Follow Up From Chaplain Johnson


December 12, 2012 by lcuprisonministry

     Hello All! This is the first of our weekly Thursday blog posts and our first topic will be over the meeting we had with Chaplain Johnson. It has been a little while since we met with him so I want to give you a few points that he talked about to help with recall. Below are the questions that we can discuss …. 

     He said it will be important to enter the prison with integrity. We need to be aware of how we view the inmates and how we treat them. Remember that they are created in the image of God and are in need of love, forgiveness and God’s grace.

     At the same time, come in with a clear mindset and be aware of what’s going on around you. Know that they grew up learning how to manipulate because it helped them survive. So be aware of the games that they may play. (Chaplain Frontone also emphasized this) We will need to be firm, fair, and consistent. So have a backbone but also be flexible and show them we care about them.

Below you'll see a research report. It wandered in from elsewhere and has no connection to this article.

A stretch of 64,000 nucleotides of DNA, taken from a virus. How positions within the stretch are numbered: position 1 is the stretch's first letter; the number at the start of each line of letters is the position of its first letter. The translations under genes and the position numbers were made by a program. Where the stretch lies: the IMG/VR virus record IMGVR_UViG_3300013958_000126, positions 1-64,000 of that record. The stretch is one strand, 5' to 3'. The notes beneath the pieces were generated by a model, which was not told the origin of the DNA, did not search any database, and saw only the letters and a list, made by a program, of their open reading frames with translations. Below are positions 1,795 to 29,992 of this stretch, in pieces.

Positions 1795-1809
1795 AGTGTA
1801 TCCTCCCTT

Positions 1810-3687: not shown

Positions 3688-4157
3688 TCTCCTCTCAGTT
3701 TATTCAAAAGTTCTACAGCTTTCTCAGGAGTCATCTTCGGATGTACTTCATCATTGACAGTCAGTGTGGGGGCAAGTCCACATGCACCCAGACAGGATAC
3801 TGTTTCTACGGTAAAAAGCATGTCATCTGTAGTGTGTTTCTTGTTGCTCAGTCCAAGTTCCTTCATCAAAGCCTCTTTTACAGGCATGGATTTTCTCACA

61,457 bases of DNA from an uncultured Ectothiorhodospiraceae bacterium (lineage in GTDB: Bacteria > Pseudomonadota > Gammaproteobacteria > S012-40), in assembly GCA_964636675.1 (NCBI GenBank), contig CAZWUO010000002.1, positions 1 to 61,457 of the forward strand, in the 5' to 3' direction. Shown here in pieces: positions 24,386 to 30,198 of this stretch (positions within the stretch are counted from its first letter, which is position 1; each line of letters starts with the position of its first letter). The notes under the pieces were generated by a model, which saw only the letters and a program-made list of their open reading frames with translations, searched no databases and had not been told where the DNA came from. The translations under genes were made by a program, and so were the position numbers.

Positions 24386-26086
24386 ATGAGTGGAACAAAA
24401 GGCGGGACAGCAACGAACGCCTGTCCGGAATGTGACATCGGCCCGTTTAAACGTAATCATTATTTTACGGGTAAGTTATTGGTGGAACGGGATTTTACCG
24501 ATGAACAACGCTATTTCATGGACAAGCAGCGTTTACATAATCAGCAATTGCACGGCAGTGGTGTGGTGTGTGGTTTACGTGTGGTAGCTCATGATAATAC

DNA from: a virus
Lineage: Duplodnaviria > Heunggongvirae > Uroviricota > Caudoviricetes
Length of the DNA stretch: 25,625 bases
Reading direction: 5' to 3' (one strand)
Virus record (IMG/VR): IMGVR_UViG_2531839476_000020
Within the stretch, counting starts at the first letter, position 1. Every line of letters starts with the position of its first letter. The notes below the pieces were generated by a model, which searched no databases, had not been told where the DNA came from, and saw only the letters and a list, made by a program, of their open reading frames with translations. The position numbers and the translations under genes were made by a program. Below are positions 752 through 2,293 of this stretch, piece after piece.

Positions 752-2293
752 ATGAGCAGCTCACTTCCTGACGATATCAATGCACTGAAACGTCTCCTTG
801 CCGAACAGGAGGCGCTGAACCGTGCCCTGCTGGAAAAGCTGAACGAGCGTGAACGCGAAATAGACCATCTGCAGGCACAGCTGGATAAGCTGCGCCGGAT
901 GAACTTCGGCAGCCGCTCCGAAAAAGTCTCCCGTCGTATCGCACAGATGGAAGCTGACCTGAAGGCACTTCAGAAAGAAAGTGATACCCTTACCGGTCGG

The fact that we care about them and show them that, will go a long ways in building up their self-worth. A lot of them haven’t had many people show them that they care. Lives can be changed by us being in there.  (actually, we’ve already seen the start of just that since we’ve started doing GED Tutoring!)

     Realize that we are not bringing Jesus into the prison. We are going into the prison and coming alongside the work that he is already doing (which I think is exciting!). Look at Matthew 25:37-40. So, come into the prison knowing with full assurance that God will be with us.

     And before we go in, ask yourself this question. Why are you going into the prison?

     This is our first question to discuss and I will start us off…. For me, I see a great need and a great opportunity. At LCU we have two prisons in our back yard filled with inmates who most of which probably don’t have a saving relationship with Christ and will have a hard time being successful once they are released. Furthermore, the prison itself desperately needs volunteers to help run the programs. At the same time, we have a campus full of people that love Jesus and want to serve him. When I was talking with Tiara Wentz at lunch one day, the need and the opportunity grabbed my attention and after praying about it, I knew that’s were God was pulling me. That’s why I’m going in!